Sir John Findlay said he did not think the suggestion was material, but he would consider it when the. Bill was in committee. ' '.. t . ': Progress was reported on the Auckland University Bill..". The Methodist Church Bill was passed through committee. The Council rose,at 11.15 p.m. - HOUSE I 01? REPRESENTATIVES. TRAMWAYS BILL PASSED.
Consideration of the Tramways Amcndm >o Bill .was continued by the House of BtpresenXativ >.i in <ommittee after the tijlHgfapb. office closed this morning:; " 'The Minh'te- [ Jtf*r Public Works, questioned by Mr • Herdman (Wellington stated ihat his own opinion Was frrouraole to j central aislo in. cars. It would be wise to.let the "clause apply to new cars, because they were being built in Auckland, Christchurch, and ~Wdl ugton, and it was thus possible to gajk. -oore for the principle ; embodied in •■ i*s clause than if an attempt was mad© t-e include all;; existing cars. ; He moved to add words .. making , the clause ' apply only to * all cars licensed after the passing of this Act.'' 'I The amendment was carried tho : voices." ; h ""■-" ' " :i ; ',•' •• : ..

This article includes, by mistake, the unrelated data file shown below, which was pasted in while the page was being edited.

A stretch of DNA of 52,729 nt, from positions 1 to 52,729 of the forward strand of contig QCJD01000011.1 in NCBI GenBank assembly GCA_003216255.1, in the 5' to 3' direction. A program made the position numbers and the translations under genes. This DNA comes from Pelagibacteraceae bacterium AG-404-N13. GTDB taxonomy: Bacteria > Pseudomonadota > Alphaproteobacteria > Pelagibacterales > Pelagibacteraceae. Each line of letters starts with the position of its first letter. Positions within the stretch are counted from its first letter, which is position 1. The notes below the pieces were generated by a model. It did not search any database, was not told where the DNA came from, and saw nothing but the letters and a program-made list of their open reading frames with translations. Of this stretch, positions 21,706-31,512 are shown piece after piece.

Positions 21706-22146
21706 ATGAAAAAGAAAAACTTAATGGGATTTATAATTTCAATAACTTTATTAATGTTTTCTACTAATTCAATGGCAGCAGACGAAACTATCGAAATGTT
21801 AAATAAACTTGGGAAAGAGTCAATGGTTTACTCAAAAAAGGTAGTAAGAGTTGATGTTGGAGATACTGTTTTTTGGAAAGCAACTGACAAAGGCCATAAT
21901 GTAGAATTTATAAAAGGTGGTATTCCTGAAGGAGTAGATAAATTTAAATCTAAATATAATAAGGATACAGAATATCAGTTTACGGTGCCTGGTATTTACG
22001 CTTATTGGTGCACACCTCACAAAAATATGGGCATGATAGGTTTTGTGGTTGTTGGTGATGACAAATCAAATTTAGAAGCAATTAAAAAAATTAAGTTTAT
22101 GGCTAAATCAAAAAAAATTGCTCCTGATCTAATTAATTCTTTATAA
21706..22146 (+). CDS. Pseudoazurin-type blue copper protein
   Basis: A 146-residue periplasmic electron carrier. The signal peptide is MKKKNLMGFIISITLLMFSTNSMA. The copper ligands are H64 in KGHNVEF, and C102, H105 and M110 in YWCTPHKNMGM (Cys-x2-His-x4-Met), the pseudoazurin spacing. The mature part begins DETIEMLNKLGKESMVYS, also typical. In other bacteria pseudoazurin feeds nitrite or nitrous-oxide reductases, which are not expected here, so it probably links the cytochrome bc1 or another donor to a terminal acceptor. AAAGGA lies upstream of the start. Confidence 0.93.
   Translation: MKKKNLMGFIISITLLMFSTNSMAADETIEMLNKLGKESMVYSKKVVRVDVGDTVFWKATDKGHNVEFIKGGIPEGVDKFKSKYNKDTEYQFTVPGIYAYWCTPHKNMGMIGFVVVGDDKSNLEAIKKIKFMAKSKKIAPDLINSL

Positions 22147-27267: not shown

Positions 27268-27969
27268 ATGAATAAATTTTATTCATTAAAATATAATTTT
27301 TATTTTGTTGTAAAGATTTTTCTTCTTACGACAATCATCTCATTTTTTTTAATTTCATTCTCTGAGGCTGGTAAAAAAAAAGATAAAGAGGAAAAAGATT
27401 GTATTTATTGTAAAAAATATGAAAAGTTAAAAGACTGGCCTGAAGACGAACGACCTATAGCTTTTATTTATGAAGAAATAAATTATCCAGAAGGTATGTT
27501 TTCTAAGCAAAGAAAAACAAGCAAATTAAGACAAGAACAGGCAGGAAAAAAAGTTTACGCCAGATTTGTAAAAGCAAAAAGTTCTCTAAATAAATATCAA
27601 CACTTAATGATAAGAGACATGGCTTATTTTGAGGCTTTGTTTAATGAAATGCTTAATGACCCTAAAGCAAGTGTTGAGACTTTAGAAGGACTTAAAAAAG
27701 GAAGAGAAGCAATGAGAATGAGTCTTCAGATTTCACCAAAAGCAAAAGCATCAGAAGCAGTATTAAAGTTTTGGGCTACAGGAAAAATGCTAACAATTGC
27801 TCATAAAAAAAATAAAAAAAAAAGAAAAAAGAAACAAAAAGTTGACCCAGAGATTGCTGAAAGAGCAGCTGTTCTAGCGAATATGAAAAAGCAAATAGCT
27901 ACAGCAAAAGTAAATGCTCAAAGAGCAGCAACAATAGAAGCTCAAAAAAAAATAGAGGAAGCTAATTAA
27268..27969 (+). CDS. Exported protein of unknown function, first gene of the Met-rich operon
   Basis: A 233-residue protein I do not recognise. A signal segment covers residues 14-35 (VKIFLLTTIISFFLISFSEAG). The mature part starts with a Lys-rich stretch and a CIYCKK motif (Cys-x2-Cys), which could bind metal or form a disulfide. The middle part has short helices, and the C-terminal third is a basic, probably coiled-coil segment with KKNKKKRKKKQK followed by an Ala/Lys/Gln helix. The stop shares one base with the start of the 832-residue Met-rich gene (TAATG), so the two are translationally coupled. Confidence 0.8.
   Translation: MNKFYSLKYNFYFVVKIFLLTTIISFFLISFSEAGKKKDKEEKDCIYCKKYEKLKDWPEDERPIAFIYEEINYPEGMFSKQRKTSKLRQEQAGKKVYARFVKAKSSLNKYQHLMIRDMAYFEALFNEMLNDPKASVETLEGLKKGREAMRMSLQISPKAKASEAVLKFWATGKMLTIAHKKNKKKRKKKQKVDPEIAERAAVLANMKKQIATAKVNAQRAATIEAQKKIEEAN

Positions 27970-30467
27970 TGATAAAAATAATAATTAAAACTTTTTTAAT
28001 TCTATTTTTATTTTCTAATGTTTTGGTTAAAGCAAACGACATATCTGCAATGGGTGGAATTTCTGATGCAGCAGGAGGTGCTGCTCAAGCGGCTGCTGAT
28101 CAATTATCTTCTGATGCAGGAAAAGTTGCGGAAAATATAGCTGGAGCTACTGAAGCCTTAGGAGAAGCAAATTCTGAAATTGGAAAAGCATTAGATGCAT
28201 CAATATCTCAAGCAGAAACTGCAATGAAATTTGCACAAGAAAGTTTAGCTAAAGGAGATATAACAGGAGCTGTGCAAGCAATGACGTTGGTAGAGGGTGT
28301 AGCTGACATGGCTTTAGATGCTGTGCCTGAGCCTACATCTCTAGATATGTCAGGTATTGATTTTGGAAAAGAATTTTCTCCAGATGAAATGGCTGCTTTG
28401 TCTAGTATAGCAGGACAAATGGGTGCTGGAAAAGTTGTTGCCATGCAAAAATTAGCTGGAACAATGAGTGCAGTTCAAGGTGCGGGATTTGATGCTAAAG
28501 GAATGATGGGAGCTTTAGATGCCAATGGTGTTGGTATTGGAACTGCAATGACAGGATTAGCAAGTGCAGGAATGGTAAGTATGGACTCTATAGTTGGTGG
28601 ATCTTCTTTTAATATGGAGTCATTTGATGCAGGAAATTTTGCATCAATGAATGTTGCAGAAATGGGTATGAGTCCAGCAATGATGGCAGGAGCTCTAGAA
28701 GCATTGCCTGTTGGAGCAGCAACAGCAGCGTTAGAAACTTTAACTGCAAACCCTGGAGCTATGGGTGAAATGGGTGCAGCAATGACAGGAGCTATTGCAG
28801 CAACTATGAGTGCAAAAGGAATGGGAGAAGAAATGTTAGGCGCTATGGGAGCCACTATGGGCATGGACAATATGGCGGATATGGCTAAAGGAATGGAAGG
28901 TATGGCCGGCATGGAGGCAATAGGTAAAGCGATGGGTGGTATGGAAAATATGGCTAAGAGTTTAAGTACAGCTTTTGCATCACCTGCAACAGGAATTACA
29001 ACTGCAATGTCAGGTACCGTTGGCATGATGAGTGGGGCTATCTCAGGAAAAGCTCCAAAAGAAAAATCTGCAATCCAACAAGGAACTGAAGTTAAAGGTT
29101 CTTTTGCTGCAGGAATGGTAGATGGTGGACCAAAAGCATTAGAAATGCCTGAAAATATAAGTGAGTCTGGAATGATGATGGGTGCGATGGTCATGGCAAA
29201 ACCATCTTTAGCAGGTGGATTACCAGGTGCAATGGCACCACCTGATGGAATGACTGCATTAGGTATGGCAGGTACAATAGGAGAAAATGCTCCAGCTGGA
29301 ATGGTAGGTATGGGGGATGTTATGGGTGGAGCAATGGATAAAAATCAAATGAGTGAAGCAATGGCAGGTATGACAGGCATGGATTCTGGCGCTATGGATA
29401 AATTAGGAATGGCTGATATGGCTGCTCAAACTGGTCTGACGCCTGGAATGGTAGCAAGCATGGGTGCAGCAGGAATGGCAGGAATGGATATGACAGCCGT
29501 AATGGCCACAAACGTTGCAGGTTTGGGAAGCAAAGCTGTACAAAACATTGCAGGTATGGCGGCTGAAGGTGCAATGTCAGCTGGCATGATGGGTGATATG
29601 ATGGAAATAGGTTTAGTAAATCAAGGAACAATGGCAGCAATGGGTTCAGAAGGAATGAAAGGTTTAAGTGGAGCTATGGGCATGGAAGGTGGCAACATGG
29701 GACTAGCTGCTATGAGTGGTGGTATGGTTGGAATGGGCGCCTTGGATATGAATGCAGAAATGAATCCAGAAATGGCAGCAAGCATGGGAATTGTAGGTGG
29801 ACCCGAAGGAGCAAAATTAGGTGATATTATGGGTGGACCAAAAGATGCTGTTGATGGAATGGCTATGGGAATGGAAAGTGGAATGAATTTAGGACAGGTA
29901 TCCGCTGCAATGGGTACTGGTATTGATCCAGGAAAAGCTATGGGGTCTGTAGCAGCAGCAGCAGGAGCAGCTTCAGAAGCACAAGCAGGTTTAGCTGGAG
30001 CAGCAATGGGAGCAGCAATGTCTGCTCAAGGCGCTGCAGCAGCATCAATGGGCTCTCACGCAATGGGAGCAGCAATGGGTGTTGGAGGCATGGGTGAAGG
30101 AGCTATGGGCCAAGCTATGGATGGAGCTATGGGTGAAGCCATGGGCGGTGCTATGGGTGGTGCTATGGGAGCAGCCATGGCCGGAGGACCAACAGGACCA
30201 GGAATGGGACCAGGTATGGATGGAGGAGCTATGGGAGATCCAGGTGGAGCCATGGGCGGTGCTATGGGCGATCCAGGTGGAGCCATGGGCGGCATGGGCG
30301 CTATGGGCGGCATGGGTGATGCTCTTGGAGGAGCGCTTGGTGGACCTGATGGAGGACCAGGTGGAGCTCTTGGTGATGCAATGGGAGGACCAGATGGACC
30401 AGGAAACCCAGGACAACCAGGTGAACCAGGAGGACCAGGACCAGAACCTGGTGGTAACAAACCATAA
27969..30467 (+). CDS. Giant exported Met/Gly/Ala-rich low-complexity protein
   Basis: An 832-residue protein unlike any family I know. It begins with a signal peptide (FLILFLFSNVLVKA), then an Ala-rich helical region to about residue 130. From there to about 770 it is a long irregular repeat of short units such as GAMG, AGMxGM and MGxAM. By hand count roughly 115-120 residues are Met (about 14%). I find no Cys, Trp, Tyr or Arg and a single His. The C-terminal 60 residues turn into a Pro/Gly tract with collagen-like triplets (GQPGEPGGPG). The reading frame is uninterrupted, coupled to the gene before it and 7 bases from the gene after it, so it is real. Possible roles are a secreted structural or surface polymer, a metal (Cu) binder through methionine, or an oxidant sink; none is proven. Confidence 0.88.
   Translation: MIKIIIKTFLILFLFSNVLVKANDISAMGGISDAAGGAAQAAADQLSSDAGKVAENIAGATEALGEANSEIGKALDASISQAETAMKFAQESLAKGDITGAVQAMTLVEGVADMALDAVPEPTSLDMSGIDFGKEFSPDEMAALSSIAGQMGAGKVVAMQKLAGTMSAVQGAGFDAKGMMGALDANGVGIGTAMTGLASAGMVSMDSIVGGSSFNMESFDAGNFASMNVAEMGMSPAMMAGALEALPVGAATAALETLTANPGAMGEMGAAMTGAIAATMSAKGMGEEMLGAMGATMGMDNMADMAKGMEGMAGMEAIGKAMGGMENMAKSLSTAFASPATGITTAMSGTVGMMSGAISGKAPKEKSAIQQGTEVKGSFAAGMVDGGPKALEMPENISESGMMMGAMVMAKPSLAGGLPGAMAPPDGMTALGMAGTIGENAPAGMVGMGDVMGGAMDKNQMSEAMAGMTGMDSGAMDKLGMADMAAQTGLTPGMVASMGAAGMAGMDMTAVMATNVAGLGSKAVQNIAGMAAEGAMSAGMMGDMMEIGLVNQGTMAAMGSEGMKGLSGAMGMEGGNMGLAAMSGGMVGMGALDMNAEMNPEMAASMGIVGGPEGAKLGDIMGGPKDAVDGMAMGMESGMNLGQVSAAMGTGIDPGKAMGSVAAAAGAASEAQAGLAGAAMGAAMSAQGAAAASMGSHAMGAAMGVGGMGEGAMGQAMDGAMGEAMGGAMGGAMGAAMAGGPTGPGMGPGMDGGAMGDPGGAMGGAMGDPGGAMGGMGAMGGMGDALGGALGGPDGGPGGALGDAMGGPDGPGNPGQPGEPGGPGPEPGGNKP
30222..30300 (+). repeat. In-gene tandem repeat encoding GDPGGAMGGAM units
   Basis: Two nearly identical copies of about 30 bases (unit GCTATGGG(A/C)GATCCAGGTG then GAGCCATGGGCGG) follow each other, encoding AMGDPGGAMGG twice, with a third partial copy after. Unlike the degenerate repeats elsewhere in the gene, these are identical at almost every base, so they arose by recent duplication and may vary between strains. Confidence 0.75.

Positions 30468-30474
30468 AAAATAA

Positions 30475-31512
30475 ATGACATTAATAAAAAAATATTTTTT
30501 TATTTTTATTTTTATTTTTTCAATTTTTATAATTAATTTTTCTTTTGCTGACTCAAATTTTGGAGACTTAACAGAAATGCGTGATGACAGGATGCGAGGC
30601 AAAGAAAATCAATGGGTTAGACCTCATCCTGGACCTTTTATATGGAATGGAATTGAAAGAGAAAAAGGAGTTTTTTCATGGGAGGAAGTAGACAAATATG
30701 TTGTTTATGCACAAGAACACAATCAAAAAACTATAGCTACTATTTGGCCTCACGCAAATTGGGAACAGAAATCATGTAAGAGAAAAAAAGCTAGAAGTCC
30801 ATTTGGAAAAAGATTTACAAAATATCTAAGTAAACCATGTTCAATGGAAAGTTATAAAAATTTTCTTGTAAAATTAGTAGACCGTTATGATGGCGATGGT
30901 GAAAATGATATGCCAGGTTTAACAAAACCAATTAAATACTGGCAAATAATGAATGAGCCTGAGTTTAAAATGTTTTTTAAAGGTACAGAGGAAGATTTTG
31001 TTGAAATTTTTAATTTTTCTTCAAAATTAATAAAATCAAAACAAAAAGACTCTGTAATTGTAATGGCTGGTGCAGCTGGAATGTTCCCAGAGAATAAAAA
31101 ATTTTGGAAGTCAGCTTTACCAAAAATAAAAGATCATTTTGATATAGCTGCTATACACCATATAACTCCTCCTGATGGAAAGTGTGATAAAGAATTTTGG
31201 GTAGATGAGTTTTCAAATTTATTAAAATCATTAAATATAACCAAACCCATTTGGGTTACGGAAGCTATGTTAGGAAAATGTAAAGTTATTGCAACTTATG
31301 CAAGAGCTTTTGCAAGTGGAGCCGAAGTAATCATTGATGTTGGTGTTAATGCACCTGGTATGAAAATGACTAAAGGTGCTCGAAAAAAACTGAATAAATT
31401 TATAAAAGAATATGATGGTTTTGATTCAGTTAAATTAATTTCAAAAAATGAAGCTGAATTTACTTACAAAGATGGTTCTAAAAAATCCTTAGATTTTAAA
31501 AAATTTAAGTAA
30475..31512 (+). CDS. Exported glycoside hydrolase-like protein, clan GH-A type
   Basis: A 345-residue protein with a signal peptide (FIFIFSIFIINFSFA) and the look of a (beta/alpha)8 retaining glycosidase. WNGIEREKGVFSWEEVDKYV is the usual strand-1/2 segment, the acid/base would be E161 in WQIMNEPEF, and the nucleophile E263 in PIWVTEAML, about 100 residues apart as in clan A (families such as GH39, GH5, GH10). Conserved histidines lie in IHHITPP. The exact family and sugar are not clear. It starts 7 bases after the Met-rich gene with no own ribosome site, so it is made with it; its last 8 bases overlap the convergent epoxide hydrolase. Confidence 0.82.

* A motion iu&t all cars j licensed in future shall J have a passageway throughout -til© portion set aside for "passengers was " agreed to on the voices. "A motion by Air. Wilford to exclude Wellington trams from the operation of the Act was lost by 29 votes to 16. ■ ~. -;_" On the, motion of the 1 Hon. R. McKenzie a clause was inserted to remove the right to a 'Grovernment certificate .o? com•..atency by the holder of a in6tonssan f « freense granted by » 7 ooal authority. Itvr<is explained _ ;hai this was intended to. prevent: men . wit!; insufficient experience from getting licenses as riiotormen on the recommendation, of a local authority. " \ ', "■."""'.'.:■'• ' . * ' ' The Bill passed its final stages and the House roe* 2.45 a.m.